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History of United Kingdom
 
 
 

Early History

Prior to 1707, the history of the British Isles spans Celtic tribes, Roman invasion with Britain south of the Forth broadly incorporated into the Roman Empire; thereafter invasion by the Anglo-Saxons in the 5th and 6th centuries; invasions by the Vikings in the 9th century, through to the Norman conquest of England in 1066; the development of the separate states of England and Scotland from the 9th century, and competition and cooperation between those states. The British Isles faced no further successful military incursion after the Norman conquest of England in 1066, allowing England and Scotland to each develop political, administrative and cultural institutions including representative governance, law systems, and distinguished contributions to the arts and sciences, upon which the United Kingdom was built.

Birth of The United Kingdom in the 18 Century

The United Kingdom of Great Britain came into being on 1 May 1707, as a result of the political union of the Kingdom of England (which included Wales) and the Kingdom of Scotland. The terms of the union had been agreed in the Treaty of Union that was negotiated the previous year and then ratified by the parliaments of Scotland and England each approving Acts of Union.

Though previously separate states, England and Scotland had shared monarchs since 1603 when James VI of Scotland become James I of England on the death of the childless Elizabeth I, an event known as the Union of the Crowns. The Treaty of Union enabled the two kingdoms to be combined into a single, united kingdom with the two parliaments merging into a single parliament of Great Britain. Queen Anne, (reigned 1702-14), who had favoured deeper political integration between the two kingdoms, became the first monarch of the united kingdom of Great Britain.

Though now a united kingdom, certain aspects of the former independent kingdoms remained separate in line with the terms in the Treaty of Union. Scottish and English law remained separate, as did the Presbyterian Church of Scotland and the Anglican Church of England, as well as the separate systems of education.

The British Empire

The Seven Years' War, which began in 1756, was the first war waged on a global scale, fought in Europe, India, North America, the Caribbean, the Philippines and coastal Africa. The signing of the Treaty of Paris (1763) had important consequences for Britain and its empire. In North America, France's future as a colonial power there was effectively ended with the ceding of New France to Britain (leaving a sizeable French-speaking population under British control) and Louisiana to Spain. Spain ceded Florida to Britain. In India, the Carnatic War had left France still in control of its enclaves but with military restrictions and an obligation to support British client states, effectively leaving the future of India to Britain. The British victory over France in the Seven Years War therefore left Britain as the world's dominant colonial power.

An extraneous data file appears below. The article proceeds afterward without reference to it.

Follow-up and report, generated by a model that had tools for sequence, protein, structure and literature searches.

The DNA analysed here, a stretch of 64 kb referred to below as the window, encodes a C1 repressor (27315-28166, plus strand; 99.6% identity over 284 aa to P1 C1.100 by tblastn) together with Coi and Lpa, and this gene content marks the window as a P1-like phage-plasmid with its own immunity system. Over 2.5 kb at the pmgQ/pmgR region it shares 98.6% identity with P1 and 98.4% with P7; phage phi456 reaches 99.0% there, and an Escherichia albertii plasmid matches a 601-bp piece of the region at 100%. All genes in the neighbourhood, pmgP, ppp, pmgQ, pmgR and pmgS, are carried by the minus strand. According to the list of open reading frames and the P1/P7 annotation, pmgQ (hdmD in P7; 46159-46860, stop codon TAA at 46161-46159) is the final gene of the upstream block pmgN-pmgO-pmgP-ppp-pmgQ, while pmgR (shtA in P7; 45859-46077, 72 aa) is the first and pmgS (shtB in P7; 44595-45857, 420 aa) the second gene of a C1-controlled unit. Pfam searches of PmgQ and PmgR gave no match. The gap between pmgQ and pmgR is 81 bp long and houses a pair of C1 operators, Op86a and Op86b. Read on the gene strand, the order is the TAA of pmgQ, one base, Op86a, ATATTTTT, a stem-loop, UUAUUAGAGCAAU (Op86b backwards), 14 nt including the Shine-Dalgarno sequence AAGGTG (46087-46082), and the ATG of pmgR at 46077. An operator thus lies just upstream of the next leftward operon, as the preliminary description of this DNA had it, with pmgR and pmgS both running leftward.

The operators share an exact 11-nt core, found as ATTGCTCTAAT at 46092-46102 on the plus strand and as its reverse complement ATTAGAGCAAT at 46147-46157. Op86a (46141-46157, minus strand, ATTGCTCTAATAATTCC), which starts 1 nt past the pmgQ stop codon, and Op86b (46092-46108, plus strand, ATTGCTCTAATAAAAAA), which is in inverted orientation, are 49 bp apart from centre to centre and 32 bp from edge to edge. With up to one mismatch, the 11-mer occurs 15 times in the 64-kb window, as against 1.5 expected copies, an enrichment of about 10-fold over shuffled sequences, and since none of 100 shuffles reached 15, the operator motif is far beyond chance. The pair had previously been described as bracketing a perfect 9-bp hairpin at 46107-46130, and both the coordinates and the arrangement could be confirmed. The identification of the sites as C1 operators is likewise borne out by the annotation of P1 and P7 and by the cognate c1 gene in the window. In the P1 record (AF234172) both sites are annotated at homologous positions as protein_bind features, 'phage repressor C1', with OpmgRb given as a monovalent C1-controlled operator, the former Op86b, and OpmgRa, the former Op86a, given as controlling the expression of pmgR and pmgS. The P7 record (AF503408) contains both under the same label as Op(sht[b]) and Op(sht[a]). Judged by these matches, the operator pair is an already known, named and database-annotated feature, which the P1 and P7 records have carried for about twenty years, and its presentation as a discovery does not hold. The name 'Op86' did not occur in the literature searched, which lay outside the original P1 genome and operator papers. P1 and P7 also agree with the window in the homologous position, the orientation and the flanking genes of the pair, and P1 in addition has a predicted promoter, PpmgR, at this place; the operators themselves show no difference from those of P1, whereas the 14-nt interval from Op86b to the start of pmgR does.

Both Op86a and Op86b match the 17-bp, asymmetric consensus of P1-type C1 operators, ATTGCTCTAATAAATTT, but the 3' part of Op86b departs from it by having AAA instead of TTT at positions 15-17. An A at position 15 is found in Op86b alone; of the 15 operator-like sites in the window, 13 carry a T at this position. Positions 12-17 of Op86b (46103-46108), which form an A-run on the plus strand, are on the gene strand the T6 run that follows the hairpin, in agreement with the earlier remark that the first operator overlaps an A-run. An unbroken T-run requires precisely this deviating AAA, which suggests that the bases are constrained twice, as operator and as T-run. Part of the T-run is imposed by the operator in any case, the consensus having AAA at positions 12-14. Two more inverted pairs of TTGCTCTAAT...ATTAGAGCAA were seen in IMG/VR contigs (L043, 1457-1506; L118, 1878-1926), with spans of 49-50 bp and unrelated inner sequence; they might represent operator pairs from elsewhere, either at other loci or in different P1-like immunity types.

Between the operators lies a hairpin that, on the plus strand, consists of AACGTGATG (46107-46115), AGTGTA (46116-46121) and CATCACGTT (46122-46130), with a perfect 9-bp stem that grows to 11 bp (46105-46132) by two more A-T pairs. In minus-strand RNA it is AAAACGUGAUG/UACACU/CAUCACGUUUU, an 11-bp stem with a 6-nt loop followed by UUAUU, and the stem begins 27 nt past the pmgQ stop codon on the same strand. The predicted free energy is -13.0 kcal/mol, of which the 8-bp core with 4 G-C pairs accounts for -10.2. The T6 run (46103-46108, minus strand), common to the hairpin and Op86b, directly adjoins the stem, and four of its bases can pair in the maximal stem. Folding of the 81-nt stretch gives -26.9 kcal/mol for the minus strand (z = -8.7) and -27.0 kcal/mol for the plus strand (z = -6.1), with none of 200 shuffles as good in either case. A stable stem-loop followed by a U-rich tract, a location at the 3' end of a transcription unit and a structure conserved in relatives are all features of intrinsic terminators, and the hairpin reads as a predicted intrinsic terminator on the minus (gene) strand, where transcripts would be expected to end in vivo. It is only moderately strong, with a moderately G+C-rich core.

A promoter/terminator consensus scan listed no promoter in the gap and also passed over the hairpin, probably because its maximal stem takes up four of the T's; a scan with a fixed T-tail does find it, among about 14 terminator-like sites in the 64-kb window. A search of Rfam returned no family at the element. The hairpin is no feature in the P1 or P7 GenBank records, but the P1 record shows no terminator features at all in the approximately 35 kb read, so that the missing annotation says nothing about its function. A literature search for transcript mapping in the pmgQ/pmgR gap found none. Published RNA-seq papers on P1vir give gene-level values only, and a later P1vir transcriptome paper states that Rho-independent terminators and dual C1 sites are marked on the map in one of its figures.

During the 1760s and 1770s, relations between the Thirteen Colonies and Britain became increasingly strained, primarily because of resentment of the British Parliament's ability to tax American colonists without their consent. Disagreement turned to violence and in 1775 the American Revolutionary War began. The following year, the colonists declared the independence of the United States and with economic and naval assistance from France, would go on to win the war in 1783.

The loss of the United States, at the time Britain's most populous colony, is seen by historians as the event defining the transition between the "first" and "second" empires, in which Britain shifted its attention away from the Americas to Asia, the Pacific and later Africa. Adam Smith's Wealth of Nations, published in 1776, had argued that colonies were redundant, and that free trade should replace the old mercantilist policies that had characterised the first period of colonial expansion, dating back to the protectionism of Spain and Portugal. The growth of trade between the newly independent United States and Britain after 1783 confirmed Smith's view that political control was not necessary for economic success.

During its first century of operation, the focus of the British East India Company had been trade, not the building of an empire in India. Company interests turned from trade to territory during the 18th century as the Mughal Empire declined in power and the British East India Company struggled with its French counterpart, the La Compagnie française des Indes orientales, during the Carnatic Wars of the 1740s and 1750s. The Battle of Plassey, which saw the British, led by Robert Clive, defeat the French and their Indian allies, left the Company in control of Bengal and a major military and political power in India. In the following decades it gradually increased the size of the territories under its control, either ruling directly or indirectly via local puppet rulers under the threat of force of the Indian Army, 80% of which was composed of native Indian sepoys.


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